May 29, 2011

Intimate Impressions.

‘Could we ever know each other without the arts?'
"Nous connaitrions-nous seulement un peu nous-memes, sans les arts?" - Gabrielle Roy

There are artists who lead public lives – Rubens the diplomat, Picasso the showman – and others who keep themselves to themselves. Pierre Bonnard, whose paintings I came to see at the Musée d'Orsay, led an intensely private life in which we can only begin to participate through his art. His diaries give little away – shopping lists, observations on the weather, the odd aphorism. He lived simply in Paris and the country. His family did not even know until after his death in 1947 that he had been married to his companion Marthe de Meligny for twenty-two-years. His more wide-ranging subject matter was commissioned by patrons and publishers. When he painted for himself, he stuck close to home.
He was born in 1867 on the out outskirts of Paris, the young Bonnard trained as a lawyer but also enrolled in the Academie Julian and the painting section of the Ecole des Beaux-Arts. After he failed his civil service exam, he became involved with a small group called the Nabis (the Hebrew words for prophets), led by Paul Serusier, and inspired by Gauguin.

The Croquet Game with its carefully composed patchwork of flat patterns is clearly derived from Japanese prints. The title Crepuscule, under which it was first exhibited, suggests an affinity with the symbolic poems of Mallarmé. Its decorative appeal confirmed the ambitions of the group not to be confined to easel painting but to branch out into producing panels for interiors, book illustrations, posters and theatre designs. Sharing studios, exhibition spaces and commissions from small magazine – notably La Revue Blanche – the Nabis thrived in the artistic climate of belle-époque Paris.

Despite waspish comments on his work from some of the older generation of Impressionists, Bonnard never really had to struggle to succeed. By the turn of the last century he was working with the playwright Alfred Jarry and receiving commissions for sets of lithographs from Ambroise Vollard. He visited museums in Spain, and the Low Countries, accompanied by Edouard Vuillard. He made trips to the South of France, staying at first with Maillol, then Manguin. In 1911, perhaps flush from the commissions of the great Moscow industrialist collector Ivan Morozov, he bought an 11 CV Renault. The next year, he declined the offer of the Légion d'Honneur.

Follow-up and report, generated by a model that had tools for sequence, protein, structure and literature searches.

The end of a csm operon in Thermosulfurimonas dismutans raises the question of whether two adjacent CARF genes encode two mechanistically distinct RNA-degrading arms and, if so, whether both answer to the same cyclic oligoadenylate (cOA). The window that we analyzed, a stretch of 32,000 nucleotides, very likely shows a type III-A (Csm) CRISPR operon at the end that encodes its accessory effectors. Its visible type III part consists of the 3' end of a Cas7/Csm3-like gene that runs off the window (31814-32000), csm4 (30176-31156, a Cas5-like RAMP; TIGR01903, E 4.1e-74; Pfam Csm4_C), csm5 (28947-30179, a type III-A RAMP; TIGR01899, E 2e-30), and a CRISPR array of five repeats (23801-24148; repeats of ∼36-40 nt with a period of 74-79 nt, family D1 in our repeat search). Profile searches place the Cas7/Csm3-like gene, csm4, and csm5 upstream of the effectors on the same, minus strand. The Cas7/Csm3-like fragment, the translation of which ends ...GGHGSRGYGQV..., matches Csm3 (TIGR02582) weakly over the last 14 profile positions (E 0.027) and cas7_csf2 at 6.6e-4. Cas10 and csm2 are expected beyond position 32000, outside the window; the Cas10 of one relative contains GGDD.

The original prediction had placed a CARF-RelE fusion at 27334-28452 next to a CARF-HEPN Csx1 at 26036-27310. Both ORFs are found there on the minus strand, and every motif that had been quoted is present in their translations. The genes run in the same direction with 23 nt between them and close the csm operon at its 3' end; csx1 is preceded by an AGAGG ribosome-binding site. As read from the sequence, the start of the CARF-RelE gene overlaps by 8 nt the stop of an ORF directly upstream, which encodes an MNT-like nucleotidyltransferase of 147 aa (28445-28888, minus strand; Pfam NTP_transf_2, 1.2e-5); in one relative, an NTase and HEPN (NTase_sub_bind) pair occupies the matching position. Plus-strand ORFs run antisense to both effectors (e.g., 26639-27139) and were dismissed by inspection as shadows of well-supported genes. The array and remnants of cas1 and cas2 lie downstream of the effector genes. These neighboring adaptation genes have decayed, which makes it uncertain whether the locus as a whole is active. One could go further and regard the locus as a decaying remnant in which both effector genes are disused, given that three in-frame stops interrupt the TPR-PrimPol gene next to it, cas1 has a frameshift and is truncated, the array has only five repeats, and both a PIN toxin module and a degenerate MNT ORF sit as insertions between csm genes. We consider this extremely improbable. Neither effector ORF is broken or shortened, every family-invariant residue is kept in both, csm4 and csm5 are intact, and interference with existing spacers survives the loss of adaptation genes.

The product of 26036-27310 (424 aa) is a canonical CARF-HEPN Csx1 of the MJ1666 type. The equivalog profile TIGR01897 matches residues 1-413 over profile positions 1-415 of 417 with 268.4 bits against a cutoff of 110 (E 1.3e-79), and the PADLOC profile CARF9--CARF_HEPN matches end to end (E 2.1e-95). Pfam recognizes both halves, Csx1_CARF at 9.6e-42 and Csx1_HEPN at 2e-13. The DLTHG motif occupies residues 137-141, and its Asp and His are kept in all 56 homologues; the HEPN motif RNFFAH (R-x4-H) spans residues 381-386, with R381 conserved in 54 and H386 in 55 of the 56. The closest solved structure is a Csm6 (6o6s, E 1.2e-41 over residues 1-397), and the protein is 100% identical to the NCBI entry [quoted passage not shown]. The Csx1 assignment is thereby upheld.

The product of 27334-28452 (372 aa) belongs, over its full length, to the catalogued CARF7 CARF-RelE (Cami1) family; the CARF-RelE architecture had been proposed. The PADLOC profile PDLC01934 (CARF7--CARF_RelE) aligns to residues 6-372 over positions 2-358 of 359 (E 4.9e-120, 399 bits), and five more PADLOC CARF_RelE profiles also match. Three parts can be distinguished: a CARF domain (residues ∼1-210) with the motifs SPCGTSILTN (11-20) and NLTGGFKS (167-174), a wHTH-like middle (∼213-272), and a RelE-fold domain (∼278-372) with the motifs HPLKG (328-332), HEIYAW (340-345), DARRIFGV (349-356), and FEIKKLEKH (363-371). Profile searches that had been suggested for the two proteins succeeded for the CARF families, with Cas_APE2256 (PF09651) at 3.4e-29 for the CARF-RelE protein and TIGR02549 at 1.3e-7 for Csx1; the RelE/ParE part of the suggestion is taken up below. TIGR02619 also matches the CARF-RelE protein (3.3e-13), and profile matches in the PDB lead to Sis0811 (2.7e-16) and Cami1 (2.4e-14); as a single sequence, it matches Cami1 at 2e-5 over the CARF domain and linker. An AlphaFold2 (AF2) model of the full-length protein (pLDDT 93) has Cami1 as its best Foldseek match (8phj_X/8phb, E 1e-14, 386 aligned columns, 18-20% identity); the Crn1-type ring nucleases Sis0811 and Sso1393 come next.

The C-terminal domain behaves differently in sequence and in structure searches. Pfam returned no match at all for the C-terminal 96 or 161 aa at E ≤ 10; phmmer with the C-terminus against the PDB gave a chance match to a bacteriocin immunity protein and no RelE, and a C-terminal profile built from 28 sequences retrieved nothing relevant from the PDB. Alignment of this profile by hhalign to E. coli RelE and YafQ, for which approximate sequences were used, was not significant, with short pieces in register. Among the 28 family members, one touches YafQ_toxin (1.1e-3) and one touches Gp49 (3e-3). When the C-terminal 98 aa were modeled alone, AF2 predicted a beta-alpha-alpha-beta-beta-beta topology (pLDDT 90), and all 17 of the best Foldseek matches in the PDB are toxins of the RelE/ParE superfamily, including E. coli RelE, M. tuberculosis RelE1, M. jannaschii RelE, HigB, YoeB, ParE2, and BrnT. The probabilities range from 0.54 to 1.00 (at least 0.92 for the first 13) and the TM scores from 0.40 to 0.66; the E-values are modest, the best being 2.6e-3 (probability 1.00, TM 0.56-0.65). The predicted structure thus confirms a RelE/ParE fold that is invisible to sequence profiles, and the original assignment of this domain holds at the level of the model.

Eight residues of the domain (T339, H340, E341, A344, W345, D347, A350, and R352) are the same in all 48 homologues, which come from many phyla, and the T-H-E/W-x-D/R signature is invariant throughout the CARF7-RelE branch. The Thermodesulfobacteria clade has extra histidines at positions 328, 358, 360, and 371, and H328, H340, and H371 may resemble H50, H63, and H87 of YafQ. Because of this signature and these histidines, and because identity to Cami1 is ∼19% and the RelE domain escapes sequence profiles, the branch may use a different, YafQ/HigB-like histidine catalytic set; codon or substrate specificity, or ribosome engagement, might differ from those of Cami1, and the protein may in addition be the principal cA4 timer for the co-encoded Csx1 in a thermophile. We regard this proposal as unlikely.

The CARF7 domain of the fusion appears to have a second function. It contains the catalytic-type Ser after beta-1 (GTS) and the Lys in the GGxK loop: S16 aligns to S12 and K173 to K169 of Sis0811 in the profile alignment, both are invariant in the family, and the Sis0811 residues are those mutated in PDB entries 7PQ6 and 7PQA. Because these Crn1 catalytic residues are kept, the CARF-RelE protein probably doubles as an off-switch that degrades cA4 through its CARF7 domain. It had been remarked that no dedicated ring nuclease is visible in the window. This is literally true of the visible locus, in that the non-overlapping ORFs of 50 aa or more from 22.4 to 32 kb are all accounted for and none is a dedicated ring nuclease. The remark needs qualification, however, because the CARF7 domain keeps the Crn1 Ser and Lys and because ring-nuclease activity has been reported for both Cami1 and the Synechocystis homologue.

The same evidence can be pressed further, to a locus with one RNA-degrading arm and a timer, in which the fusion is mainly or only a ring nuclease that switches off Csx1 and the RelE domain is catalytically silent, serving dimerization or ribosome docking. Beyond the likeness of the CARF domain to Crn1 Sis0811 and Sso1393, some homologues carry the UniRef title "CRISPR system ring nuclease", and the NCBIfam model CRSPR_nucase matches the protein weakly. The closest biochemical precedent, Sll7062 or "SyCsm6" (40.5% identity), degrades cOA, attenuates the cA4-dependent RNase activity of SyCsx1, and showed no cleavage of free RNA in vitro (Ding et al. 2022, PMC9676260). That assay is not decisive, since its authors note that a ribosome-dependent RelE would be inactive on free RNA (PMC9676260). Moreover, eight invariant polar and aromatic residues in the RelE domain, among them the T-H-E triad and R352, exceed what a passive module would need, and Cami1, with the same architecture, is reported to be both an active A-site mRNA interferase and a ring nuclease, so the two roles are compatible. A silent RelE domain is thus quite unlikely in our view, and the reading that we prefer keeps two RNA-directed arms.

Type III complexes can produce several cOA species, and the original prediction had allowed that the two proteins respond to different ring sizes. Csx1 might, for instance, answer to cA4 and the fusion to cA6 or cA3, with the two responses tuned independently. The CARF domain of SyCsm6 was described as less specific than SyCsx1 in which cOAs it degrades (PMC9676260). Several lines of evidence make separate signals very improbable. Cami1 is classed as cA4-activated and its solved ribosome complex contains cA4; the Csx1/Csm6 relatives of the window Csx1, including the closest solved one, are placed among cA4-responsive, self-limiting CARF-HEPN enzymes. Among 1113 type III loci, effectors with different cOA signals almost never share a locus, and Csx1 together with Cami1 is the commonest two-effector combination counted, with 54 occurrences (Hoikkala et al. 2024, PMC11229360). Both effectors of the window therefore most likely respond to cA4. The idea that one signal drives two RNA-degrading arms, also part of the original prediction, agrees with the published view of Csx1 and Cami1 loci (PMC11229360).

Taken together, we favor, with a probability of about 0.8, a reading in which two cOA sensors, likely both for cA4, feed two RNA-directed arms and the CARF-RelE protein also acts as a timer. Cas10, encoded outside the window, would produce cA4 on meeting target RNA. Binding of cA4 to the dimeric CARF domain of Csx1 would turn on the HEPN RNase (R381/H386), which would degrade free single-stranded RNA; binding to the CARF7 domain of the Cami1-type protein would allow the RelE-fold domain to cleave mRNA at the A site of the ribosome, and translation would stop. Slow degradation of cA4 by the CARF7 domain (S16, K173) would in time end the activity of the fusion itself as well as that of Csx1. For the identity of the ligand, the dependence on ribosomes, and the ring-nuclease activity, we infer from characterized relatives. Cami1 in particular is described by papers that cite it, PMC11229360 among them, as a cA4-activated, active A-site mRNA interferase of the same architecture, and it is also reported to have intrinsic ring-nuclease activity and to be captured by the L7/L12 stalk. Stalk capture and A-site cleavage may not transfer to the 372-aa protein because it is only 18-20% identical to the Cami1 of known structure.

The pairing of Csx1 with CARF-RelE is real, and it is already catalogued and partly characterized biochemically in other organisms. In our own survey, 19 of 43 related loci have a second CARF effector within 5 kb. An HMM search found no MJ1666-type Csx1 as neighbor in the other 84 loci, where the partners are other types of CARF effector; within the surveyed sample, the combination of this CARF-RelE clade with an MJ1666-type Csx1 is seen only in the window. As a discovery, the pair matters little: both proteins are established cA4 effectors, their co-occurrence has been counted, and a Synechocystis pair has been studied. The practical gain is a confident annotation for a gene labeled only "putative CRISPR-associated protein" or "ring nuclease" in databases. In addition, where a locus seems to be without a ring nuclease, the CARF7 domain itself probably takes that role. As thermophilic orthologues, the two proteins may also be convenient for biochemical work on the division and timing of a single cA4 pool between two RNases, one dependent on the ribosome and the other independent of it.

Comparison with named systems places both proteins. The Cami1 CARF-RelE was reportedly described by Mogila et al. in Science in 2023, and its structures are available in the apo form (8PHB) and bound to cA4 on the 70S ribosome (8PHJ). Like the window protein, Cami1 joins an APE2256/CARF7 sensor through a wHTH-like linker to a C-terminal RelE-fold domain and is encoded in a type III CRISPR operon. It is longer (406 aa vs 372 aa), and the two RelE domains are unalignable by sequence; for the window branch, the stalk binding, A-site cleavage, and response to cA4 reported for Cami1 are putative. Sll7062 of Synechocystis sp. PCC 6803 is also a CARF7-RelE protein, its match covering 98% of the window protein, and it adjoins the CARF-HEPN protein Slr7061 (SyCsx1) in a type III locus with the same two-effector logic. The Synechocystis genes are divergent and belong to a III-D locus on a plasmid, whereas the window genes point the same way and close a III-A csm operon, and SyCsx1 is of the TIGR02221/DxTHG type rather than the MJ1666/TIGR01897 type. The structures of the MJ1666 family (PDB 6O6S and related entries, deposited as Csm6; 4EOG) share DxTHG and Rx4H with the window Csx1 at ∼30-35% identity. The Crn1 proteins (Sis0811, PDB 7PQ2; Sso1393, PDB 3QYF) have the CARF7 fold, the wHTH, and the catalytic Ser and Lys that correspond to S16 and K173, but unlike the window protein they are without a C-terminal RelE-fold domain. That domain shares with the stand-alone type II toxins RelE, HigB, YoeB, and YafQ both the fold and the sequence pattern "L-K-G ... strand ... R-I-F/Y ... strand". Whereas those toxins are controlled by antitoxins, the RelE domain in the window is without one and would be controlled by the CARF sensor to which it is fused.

What interested Bonnard was not the representation of life itself but the representation of how we perceive life. The depiction of objects in blurred and sharp focus, in thin and thick paint, and the shimmering representation of light, combined to recreate the sense of flux we experience on first scanning a scene. At his best, Bonnard could achieve an overall visual rhythm and unity, while at the same time leaving parts of the canvas mysteriously unresolved.

Significantly, he himself did not always know when paintings were finished, working on some for years and touching up others even after they were hanging in houses and galleries.

His art did not depend on direct observations but on contemplation. ‘I have all my subjects to hand,’ he said. ‘I go and look at them. I take notes. Then I go home. And before I start painting, I reflect, I dream.’ There is an elegiac feeling to many of his works, a Proustian savouring of sensations recalled. He lived with Marthe for nearly fifty years and her likeness appears in over 300 paintings., but there is no precise physical description and little sense of the her growing old. Sometimes she is peripheral to the main subject; sometimes her face is turned away. She is always self-absorbed, not engaged with the artist or viewer. Perhaps this was a reflection of the reclusive personality, exacerbated by chronic ill health – her prone immersion in the bath, which inspired some of Bonnard’s most haunting images, may have been a form of hydrotherapy.